The level of crime depends on a number of factors, such as political and economic instability, social inequality and ineffective legislation. A special place in the overall level of crime takes juvenile delinquency. United Nations Standard Minimum developed rules for the administration of juvenile justice (The Beijing Rules), in order to ensure the rights of juvenile offenders under the various legal systems. Most countries support these recommendations, and Russia is no exception. Russia's criminal code establishes the minimum age of criminal liability; types of crimes for which the possible involvement of minors to justice; punishment; sentencing and execution of punishment for minors. However, these provisions cause heated debates in the scientific literature. The high level of juvenile crime indicates the ineffectiveness of legal regulation of criminal liability of minors. In order to ensure compliance with international standards require new and modern approaches to improve national legislation and practice of its application. Achieving this goal will be achieved through the following tasks: 1. Create sub-branches of law regulating the legal status of minors; 2. Improving the types of penalties; 3. The possibility of using alternative measures; 4. The introduction of the procedure of extrajudicial settlement of the conflict. The criminal law of each country depends on the historical, national and cultural characteristics. The development of the Russian legislation taking into account international experience is extremely essential and will be a new stage in the formation of a legal state, especially in the sphere of protection of the rights of juvenile offenders.

Keywords: criminal law, juvenile offender, punishment, the age of criminal responsibility

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3167 An Examination of Criminology and Cyber Crime in Contemporary Society

Authors: Uche A. Nnawulezi

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The evolving global environment has as of late seen formative difficulties bordering on cyber crime and its attendant effects. This paper looks at what constitutes an offense of cyber crime under the tenets of International Law as no nation can lay bona-fide claim in managing cyber crime as a criminal phenomenon. Therefore, there has been a plethora of ideological, conceptual and mental propositions of policies aimed at domesticating cyber crimes – an international crime. These policies were as a result of parochial consideration and social foundations which negate the spirit of internationally accepted procedures. The study also noted that the non-domestication of cyber crime laws by most countries has led to an increase in cyber crimes and its attendant effects have remained unabated. The author has pointed out emerging international rules as a panacea for a sustainable cyber crime-free society. The paper relied on documentary evidence and hence scooped much of the data from secondary sources such as text books, journals, articles and periodicals and more so, opinion papers, emanating from international criminal court. It concludes that the necessary recommendations made in this paper, if fully adopted, shall go a long way in maintaining a cyber crime-free society. Ultimately, the domestic and international law mechanisms capable of dealing with cyber crime offenses should be expanded and be made proactive in order to deal with the demands of modern day challenges.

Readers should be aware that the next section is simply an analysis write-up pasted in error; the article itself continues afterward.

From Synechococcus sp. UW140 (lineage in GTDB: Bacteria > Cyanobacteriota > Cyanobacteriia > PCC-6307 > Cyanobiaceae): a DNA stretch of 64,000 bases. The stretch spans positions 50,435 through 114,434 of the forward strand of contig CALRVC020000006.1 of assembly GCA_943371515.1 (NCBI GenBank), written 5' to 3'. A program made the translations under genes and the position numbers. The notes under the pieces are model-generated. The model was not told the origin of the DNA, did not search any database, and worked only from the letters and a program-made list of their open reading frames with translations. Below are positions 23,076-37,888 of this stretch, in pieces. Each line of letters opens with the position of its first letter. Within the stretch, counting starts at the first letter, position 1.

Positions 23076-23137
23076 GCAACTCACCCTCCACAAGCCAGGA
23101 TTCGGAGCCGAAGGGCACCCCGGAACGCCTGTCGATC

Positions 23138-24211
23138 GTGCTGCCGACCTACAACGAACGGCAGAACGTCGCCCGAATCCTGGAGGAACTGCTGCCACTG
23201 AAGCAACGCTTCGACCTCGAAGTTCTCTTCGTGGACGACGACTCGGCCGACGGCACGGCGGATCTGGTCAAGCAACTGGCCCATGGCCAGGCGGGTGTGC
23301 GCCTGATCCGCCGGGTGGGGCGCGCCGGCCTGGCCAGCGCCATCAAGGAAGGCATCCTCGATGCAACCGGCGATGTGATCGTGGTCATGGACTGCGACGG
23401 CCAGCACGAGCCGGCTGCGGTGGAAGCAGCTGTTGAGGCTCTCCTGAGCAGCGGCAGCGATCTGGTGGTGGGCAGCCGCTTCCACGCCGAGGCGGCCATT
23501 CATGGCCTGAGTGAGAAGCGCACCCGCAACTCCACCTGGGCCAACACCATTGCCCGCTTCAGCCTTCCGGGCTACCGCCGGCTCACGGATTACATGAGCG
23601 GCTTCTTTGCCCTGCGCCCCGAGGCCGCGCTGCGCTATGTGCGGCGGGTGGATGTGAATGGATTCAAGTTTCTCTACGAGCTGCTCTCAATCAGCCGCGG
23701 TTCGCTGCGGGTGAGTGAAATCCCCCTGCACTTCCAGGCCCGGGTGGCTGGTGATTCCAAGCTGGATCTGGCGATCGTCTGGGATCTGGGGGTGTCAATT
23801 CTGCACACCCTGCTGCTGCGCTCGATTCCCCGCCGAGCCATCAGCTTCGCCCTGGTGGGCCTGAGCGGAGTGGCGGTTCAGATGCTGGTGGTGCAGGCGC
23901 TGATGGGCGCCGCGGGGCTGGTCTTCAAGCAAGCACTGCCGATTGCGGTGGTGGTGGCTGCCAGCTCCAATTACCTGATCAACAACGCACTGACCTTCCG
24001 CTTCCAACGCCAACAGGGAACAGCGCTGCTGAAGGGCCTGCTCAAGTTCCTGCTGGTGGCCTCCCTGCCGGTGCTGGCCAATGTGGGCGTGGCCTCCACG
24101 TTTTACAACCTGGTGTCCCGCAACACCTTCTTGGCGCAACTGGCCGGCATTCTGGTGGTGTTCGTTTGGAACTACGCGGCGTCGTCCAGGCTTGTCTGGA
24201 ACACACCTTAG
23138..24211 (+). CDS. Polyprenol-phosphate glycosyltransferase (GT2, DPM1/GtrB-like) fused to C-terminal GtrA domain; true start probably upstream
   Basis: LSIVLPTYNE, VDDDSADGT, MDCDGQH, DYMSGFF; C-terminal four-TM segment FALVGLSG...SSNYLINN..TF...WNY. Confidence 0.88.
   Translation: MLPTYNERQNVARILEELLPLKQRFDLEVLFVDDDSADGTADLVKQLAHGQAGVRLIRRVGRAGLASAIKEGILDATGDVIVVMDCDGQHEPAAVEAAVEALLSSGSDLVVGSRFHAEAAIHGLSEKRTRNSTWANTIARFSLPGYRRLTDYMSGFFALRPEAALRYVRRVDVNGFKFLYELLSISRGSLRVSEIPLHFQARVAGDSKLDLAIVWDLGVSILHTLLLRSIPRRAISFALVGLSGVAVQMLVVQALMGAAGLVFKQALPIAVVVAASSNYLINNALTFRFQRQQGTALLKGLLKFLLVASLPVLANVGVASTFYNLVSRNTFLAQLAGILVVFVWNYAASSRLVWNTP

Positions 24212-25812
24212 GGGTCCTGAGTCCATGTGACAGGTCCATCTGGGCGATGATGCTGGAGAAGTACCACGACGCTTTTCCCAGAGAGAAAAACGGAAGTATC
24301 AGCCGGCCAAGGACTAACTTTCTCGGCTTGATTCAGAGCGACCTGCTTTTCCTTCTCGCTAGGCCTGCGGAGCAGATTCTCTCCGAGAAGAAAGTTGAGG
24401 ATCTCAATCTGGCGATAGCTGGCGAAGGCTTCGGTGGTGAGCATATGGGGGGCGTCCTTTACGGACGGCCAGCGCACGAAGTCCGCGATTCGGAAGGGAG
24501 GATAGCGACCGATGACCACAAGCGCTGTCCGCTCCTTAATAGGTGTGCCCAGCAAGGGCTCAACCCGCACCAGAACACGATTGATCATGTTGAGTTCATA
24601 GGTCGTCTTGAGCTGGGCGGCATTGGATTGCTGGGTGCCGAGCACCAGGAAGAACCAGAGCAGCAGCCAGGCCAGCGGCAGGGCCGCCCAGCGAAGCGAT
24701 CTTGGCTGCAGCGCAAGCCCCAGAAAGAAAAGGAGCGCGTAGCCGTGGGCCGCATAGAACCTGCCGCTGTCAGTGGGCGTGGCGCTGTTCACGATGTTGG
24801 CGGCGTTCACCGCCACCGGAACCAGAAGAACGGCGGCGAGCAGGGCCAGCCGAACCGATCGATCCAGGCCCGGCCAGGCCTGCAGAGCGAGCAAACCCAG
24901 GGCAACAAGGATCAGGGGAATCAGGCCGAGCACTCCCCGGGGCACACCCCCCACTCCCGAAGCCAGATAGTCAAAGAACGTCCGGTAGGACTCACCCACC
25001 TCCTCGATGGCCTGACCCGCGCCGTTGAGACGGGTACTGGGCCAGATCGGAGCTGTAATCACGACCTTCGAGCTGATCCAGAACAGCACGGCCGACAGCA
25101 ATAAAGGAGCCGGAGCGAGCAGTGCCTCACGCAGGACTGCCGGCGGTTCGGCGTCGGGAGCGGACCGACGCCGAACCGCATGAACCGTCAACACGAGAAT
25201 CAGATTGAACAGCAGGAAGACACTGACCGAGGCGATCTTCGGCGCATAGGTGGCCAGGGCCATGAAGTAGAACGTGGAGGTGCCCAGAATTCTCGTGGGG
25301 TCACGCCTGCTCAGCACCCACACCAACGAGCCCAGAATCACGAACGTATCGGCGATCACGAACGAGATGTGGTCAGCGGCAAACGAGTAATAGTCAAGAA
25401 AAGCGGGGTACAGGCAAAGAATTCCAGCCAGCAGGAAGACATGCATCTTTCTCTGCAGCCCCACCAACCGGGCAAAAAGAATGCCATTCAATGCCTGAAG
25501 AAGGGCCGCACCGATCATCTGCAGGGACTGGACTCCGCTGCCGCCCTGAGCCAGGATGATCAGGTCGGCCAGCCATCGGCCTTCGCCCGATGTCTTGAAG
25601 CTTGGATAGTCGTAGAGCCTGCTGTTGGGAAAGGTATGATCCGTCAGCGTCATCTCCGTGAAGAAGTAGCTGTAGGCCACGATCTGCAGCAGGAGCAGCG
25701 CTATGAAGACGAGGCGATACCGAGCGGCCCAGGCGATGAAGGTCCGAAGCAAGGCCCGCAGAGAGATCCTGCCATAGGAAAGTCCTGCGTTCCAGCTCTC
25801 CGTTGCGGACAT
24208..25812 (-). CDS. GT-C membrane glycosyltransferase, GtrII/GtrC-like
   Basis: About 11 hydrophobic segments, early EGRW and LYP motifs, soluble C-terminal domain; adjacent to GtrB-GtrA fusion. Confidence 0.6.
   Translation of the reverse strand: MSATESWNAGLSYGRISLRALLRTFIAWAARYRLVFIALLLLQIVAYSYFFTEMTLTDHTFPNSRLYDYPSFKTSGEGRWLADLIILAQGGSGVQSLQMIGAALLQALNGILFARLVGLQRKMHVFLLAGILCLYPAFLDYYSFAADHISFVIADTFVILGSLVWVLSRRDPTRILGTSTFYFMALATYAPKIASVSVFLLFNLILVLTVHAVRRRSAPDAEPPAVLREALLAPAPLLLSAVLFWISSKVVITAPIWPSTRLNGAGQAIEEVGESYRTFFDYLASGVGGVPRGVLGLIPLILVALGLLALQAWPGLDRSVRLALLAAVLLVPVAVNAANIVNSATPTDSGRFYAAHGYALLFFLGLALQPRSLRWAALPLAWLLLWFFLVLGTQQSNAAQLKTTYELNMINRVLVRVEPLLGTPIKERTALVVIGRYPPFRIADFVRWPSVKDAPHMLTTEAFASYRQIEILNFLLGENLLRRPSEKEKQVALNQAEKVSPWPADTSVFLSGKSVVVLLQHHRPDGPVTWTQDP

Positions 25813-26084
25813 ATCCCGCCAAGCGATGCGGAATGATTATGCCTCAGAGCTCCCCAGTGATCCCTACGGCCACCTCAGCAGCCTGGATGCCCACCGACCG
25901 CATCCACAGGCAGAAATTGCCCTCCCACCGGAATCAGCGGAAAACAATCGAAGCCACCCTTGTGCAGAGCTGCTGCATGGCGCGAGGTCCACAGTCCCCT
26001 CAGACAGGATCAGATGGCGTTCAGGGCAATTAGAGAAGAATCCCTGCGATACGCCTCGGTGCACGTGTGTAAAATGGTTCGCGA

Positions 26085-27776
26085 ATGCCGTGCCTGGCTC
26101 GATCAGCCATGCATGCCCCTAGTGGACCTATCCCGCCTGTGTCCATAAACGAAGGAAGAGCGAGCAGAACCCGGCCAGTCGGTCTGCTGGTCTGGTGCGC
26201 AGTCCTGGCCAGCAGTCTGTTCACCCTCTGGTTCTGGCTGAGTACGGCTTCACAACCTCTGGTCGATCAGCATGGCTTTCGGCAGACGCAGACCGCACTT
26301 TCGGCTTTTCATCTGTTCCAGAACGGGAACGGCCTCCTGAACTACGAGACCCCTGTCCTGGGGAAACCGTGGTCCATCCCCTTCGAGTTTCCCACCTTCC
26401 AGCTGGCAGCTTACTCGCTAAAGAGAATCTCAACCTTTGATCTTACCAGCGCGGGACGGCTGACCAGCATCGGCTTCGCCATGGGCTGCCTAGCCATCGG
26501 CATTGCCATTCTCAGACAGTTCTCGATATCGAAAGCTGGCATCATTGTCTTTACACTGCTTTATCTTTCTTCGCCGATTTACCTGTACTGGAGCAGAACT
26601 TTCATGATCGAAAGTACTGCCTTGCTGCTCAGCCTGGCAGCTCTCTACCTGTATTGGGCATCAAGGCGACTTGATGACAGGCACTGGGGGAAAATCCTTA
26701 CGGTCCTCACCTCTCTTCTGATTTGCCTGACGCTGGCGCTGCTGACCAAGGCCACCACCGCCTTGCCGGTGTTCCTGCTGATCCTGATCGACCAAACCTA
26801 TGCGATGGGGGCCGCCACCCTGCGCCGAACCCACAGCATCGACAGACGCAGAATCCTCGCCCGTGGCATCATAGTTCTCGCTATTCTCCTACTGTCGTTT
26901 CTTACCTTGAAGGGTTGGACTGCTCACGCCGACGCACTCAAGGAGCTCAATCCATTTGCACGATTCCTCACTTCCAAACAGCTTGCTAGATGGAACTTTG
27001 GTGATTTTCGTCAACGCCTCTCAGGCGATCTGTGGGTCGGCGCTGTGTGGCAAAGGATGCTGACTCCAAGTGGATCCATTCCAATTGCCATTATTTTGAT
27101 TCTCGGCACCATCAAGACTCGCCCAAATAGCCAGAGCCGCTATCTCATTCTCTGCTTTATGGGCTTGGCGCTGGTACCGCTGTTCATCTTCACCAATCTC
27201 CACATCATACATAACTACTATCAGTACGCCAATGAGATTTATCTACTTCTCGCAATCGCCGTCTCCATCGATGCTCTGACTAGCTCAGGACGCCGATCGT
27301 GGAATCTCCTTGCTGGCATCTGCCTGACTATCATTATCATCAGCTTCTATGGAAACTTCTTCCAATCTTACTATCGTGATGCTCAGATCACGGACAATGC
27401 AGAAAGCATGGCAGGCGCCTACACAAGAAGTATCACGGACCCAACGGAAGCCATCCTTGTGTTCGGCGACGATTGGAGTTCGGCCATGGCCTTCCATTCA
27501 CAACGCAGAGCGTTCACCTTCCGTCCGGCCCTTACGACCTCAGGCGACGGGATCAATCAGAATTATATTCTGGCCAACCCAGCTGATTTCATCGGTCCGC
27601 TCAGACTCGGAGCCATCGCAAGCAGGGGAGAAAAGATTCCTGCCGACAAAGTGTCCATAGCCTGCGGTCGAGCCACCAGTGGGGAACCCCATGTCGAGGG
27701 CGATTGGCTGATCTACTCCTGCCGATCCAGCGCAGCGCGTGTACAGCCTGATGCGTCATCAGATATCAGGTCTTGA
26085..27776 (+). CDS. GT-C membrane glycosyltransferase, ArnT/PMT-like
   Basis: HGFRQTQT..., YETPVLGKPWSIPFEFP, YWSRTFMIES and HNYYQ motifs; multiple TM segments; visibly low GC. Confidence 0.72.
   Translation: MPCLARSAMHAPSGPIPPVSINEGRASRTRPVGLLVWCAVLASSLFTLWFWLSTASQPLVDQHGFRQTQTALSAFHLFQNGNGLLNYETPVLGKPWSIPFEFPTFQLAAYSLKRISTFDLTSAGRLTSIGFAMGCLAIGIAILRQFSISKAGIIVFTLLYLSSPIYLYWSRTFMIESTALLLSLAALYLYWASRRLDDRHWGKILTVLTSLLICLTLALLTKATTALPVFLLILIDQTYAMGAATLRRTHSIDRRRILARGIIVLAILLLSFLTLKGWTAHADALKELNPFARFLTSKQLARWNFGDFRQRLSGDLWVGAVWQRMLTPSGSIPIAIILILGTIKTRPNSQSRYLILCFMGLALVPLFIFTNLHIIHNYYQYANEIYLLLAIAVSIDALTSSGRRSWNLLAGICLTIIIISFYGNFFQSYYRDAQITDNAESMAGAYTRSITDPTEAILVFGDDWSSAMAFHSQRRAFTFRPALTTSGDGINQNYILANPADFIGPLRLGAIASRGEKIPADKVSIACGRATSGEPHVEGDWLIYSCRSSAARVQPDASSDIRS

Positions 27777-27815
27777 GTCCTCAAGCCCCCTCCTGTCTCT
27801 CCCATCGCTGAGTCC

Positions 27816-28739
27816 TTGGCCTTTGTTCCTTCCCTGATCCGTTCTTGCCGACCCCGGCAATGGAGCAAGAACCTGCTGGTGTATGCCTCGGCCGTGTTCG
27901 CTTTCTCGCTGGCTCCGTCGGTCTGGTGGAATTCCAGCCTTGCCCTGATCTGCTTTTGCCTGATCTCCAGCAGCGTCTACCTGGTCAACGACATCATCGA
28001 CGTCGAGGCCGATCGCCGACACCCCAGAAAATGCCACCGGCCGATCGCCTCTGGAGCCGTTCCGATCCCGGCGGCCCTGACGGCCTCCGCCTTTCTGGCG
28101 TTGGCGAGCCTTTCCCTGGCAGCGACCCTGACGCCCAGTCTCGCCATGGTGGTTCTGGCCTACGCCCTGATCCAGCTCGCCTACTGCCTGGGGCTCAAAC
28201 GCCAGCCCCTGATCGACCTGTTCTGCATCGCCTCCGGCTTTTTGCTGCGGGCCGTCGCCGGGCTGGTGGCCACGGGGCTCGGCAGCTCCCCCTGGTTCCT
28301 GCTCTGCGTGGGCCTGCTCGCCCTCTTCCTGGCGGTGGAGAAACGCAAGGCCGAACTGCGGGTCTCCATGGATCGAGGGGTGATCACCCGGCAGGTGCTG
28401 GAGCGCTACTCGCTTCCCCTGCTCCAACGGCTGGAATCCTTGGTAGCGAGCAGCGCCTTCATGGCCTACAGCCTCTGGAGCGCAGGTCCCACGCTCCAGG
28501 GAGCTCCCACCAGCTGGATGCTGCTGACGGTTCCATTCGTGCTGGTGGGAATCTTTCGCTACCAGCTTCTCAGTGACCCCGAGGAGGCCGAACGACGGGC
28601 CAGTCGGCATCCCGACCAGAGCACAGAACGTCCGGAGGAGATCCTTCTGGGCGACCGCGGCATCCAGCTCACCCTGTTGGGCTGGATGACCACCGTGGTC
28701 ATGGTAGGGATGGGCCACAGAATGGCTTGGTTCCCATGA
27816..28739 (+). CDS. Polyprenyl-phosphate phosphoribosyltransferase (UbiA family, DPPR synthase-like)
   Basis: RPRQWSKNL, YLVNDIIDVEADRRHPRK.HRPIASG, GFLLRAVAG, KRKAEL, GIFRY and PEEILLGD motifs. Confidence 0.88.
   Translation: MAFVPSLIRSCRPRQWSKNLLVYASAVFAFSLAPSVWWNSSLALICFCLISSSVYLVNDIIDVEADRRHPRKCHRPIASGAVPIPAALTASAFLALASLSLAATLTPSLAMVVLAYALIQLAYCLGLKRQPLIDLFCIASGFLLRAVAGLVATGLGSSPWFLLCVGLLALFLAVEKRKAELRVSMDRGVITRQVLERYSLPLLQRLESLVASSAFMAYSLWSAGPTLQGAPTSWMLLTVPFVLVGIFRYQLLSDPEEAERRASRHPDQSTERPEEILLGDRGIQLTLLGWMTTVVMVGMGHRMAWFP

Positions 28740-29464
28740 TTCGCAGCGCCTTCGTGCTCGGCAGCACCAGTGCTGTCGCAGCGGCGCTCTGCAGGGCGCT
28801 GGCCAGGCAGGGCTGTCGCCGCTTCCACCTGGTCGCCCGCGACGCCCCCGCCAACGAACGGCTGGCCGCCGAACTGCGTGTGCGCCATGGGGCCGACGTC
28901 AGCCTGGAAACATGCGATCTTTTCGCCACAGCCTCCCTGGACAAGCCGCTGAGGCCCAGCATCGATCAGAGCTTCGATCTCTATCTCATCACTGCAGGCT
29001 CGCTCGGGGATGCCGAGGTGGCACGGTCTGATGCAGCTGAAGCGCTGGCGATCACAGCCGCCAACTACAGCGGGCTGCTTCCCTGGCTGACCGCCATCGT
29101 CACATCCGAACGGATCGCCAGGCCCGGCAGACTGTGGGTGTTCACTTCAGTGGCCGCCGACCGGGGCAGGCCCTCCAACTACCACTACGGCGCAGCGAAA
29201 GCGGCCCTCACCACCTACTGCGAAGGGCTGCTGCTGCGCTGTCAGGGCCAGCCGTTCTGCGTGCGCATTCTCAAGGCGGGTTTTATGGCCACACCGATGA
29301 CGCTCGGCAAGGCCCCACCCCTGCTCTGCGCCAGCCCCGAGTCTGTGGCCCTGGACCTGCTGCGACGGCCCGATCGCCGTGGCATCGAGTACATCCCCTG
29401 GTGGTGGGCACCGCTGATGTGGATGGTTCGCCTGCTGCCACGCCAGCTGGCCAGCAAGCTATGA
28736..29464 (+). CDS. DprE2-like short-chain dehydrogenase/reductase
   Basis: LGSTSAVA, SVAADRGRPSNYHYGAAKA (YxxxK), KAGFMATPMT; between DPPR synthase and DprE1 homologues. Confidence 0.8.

Keywords: criminology, cyber crime, domestic law, international law

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3166 Terrorism Is a Crime under International Law

Authors: Miguel Manero De Lemos

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The ‘innovative and creative’ seminal decision of the Special Tribunal for Lebanon (STL) was not welcomed by academic opinion. The court recognized that terrorism is a crime under international law in times of peace. Scholars widely – and sometimes aggressively – criticize this conclusion. This article asserts that, while some aspects of the decision of the STL might be defective, the basic premise, that it is indeed such a crime, is sound. This article delves into the method that the court used to attain such an outcome and explains why the conclusion of the court is correct, albeit the use of a different method is to be preferred. It also argues that subsequent developments leave little room to keep arguing that there is no international crime of terrorism.

Keywords: terrorism, STL, crime, international criminal law

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3165 Non-State Actors and Their Liabilities in International Armed Conflicts

Authors: Shivam Dwivedi, Saumya Kapoor